23 2. The Panama Canal Scandal : Ferdinand de Lesseps
All but on of the accused went unpunished due to lack of evidence. Anti-Semitism: Two German Jews were also involved  they received the most press coverage. Results: The scandal proved to the public that the Republic was corrupt. It created a climate of anti-Semitism that would increase in time.

24 3. The Dreyfus Affair In 1894 a list of French military documents [called a bordereau] were found in the waste basket of the German Embassy in Paris. French counter-intelligence suspected Captain Alfred Dreyfus, from a wealthy Alsatian Jewish family  he was one of the few Jews on the General Staff.

25 3. The Dreyfus Affair Dreyfus was tried, convicted of treason, and sent to Devil’s Island in French Guiana. The real culprit was a Major Esterhazy, whose handwriting was the same as that on the bordereau. The government tried him and found him not guilty in two days.

26 3. The Dreyfus Affair A famous author, Emile Zola, published an open letter called J’Accuse! He accused the army of a mistrial and cover-up. The government prosecuted him for libel. Found him guilty  sentenced to a year in prison.

27 J’Accuse!

28 3. The Dreyfus Affair Anti-Dreyfusards Dreyfusards Public opinion was divided  it reflected the divisions in Fr. society. The Dreyfusards were anti-clericals, intellectuals, free masons, & socialists. For Anti-Dreyfusards, the honor of the army was more important than Dreyfus’ guilt or innocence. Were army supporters, monarchists, & Catholics.

29 Dreyfus, the Traitor!

30 3. The Dreyfus Affair Dreyfus finally got a new trial in 1899.
He was brought back from Devil’s Island white-haired and broken. Results: Found guilty again, BUT with extenuating circumstances. Was given a presidential pardon. Exonerated completely in 1906. Served honorably in World War I. Died in 1935.

31 The Zionist Movement Was motivated by the Dreyfus trial to write the book, Der Judenstaat, or The Jewish State in 1896. Creates the First Zionist Congress in Basel, Switzerland. “Father of Modern Zionism.” Theodore Herzl [ ]

32 New Wave of Anti-Catholicism
The anti-clerical, republican left took power in the National Assembly in 1879. This anti-Catholicism was a remnant of the French Revolution. They stayed in power until 1914. Ferry Laws [ ]: Named after Jules Ferry, one of the ablest politicians of the 3rd Republic. Were the first major attempt at educational reform.

33 They created a deep division between Church and State!
Ferry Laws Only the State could grant degrees. Free education in public primary schools. Religious instruction was excluded from the State school curriculum. Unauthorized religious orders [Marists, Dominicans, and Jesuits, who were eventually expelled from France] were forbidden to teach. Authorized Catholic orders could NOT teach in French public schools. State improved training of teachers. They created a deep division between Church and State!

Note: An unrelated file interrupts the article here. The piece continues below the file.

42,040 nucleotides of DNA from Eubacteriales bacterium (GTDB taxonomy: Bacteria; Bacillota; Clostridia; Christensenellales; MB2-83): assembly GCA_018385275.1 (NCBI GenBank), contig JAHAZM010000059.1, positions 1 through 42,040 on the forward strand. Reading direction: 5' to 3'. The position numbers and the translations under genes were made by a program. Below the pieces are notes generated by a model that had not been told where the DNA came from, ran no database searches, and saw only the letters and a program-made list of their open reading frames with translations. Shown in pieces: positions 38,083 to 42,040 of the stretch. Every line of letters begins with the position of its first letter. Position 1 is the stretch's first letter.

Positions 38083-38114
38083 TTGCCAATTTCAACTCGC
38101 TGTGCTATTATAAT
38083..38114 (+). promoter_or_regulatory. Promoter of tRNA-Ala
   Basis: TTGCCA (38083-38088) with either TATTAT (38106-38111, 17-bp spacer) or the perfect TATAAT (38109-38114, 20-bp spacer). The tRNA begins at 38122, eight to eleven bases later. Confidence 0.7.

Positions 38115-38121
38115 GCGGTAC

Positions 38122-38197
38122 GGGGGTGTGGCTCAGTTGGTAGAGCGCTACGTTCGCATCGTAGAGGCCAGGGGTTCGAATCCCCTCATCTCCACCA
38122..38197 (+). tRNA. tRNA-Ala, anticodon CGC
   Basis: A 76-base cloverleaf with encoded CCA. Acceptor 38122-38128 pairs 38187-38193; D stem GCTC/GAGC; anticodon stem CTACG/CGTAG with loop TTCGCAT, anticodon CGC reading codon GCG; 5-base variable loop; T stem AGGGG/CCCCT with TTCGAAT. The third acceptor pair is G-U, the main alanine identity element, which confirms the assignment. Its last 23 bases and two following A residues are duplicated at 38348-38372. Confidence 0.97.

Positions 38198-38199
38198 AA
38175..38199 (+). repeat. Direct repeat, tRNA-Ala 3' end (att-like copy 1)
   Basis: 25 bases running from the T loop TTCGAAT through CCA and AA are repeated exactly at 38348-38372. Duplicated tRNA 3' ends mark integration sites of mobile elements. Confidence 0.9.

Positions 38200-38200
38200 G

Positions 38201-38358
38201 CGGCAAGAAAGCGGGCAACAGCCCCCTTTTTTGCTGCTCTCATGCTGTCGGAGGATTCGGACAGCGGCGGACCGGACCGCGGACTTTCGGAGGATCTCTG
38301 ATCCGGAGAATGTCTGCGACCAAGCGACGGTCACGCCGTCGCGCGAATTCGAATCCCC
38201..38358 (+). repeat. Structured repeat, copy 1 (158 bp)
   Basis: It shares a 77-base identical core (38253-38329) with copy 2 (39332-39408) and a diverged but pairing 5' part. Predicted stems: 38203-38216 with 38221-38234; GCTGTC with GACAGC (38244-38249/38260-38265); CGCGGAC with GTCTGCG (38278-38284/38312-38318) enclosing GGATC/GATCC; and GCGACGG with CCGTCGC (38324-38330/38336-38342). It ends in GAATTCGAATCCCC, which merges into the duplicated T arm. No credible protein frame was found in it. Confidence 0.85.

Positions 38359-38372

34 The Third French Republic:
Foreign Policy

35 Aims of French Foreign Policy
To regain the provinces of Alsace & Lorraine lost to Germany in 1871. To end her isolation in international affairs after the Franco-Prussian War. To expand her colonial empire and regain some of her prestige lost after the Franco-Prussian War.

36 A National Trauma: France’s Loss of Alsace-Lorraine

37 French Colonial Empire
The empire set up under the 3rd Republic was the greatest France had ever possessed. Jules Ferry played a huge role in French empire building. Ironically, two-thirds of the missionary priests outside Europe were French! By 1914, France was the second largest colonial power in the world and the largest in Africa.

38 France’s Colonial Empire

39 1889 Paris Exposition World’s Fair held in honor of the French Revolution Centennial. The Eiffel Tower, completed in 1889, served as the entrance to the Fair.

40 1889 Paris Exposition: Gallery of Machinery

41 Victorian England

42 Britain: 1850-1870s The most prosperous period in British history.
Unprecedented economic growth. Heyday of free trade. New fields of expansion  shipbuilding from wood to iron. By 1870, Britain’s carrying trade enjoyed a virtual monopoly. Br. engineers were building RRs all over the world. Br.’s foreign holdings nearly doubled. BUT, Britain’s prosperity didn’t do away with political discontent!

43 The “Victorian Compromise”